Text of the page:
Publishers looking to deliver more value to their readers, may inadvertently do so at the cost of user experience. “In our shared pursuit to push the web to do more, we’re running into a common problem: performance.
“Sites have more features than ever before. So much so, that many sites now struggle to achieve a high level of performance across a variety of network conditions and devices,” writes Web Performance Consultant, Jeremy Wagner, in a column for Google.
Retaining users is crucial to improving conversions. Slow sites have a negative impact on revenue, and the opposite is also true.Jeremy Wagner, Web Performance Consultant
Earlier, the BBC found that they lost an additional 10% of users for every extra second their site took to load. Pinterest, on the other hand, increased search engine traffic and sign-ups by 15% when they reduced perceived wait times by 40%.
A survey from Unbounce found that 27% of people are only willing to wait up to three seconds for a site to load on their phone, 32% are willing to wait up to six seconds, and only 24% are willing to wait longer than six seconds.
“Unacceptable for any user”
Slow web pages affect traffic negatively, and have led many publishers, including the BBC, The Financial Times, The Washington Post, and more recently, The LA Times and sports publisher GiveMeSport (GMS), to prioritize faster page load times.
GMS, which has 3.2M monthly unique visitors, according to Comscore, boosted direct traffic by 63% year over year, after improving its site speed.
Its website had become cluttered with heavy code and ads, leading to individual page load times of up to 20 seconds. The publisher built a new lean website, and reduced the number of ads from an average 11 per page to four. These changes have reduced its page-load speed to between one and five seconds.
“Since we launched the lightweight version and removed the ads, we’ve seen users get far more engaged and spend more time viewing the content and the ads. It was a bold decision [removing ads,] but it has paid off,” Dean Drury, Product Director at GMS told Digiday.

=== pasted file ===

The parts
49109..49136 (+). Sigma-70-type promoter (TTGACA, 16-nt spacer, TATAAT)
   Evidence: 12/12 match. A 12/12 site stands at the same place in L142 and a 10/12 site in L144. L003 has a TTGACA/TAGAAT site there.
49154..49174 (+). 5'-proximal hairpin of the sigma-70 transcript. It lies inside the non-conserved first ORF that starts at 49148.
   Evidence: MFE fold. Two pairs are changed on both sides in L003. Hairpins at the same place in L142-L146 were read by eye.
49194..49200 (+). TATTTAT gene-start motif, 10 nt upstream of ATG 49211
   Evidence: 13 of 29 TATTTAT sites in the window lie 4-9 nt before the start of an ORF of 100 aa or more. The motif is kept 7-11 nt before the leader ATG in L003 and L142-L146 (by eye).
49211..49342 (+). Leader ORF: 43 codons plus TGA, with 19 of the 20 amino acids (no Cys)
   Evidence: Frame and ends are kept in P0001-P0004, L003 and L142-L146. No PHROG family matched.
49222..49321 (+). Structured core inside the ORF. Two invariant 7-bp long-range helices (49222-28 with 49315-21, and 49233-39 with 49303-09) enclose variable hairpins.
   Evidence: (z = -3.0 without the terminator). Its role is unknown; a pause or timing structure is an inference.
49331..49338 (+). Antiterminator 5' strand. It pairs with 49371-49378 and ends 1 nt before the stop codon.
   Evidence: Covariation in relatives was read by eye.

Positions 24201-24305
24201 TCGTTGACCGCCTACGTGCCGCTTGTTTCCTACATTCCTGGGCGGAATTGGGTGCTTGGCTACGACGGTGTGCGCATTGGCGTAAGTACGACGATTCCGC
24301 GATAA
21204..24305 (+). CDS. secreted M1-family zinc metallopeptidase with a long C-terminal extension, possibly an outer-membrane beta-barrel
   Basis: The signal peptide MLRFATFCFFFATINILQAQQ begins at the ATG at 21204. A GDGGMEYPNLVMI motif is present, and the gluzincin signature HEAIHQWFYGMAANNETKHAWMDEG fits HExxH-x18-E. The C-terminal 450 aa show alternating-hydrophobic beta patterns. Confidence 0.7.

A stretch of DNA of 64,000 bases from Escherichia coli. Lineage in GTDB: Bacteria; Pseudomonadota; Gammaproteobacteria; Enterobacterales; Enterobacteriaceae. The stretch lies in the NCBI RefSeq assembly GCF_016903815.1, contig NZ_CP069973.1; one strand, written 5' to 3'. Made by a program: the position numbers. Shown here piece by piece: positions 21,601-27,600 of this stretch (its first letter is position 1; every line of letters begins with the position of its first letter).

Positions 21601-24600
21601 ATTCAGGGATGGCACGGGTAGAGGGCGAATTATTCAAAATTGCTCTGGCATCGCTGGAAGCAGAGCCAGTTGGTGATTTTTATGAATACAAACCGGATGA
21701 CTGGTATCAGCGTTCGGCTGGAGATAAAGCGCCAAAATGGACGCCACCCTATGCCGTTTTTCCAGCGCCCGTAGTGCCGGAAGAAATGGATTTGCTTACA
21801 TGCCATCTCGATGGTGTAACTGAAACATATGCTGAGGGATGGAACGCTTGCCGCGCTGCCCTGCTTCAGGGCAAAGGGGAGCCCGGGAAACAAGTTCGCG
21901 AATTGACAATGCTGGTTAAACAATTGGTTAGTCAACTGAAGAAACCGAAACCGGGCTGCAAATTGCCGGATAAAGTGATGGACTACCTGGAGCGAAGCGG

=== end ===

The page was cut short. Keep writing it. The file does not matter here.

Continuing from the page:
Improving your click-through rate from Google by just 1% will be much more impactful than trying to crowbar traffic to your site from social networks who specifically don’t want you to leave their app. It will also deliver higher-quality traffic, so more time on site and more pages per session.Dan Ayers, Consulting Partner at Seven League, a digital sports consultancy
The LA Times also made changes to its website this year to improve page load speeds, and overall reader experience. Len De Groot, Digital Editor of the LA Times, told Journalism.co.uk., “We were seeing rapid declines in search traffic and stunningly poor performance in load times.
“That’s unacceptable for any user. That kind of experience will not take advantage of reach, of people coming to our site, promoting circulation and hitting the paywall.”
Earlier, webpages were taking up to 12 seconds to load, this has been reduced to around 4 seconds. “We had so many integrations where we had contracts with companies to provide advertising,” said Groot.
The integrations have been halved by consolidating publishing systems. The publisher has integrated content management systems (CMS), assignments, media assets and archives within one content hub called GrapheneCMS.
Speedier web pages, higher traffic
There were other changes too, in the general appearance and functionality of the site. For example, the white-on-grey ‘card’ articles have been replaced by a simple white webpage. Groot said that the site has seen a sustained 25% increase in Google search traffic after the changes.
No matter what, faster is better and less is more. And sometimes, leaner is better too.Daniel An, Business Development & Strategic Partnerships Lead, Shopping at Google
Digital Marketing and SEO Expert Neil Patel says, “Website visitors tend to care more about speed than all the bells and whistles we want to add to our websites. Additionally, page loading time is becoming a more important factor when it comes to search engine rankings.”
Patel adds, “It’s not just your search engine rankings. Your site’s speed can contribute to the rise and fall of your conversion rate.”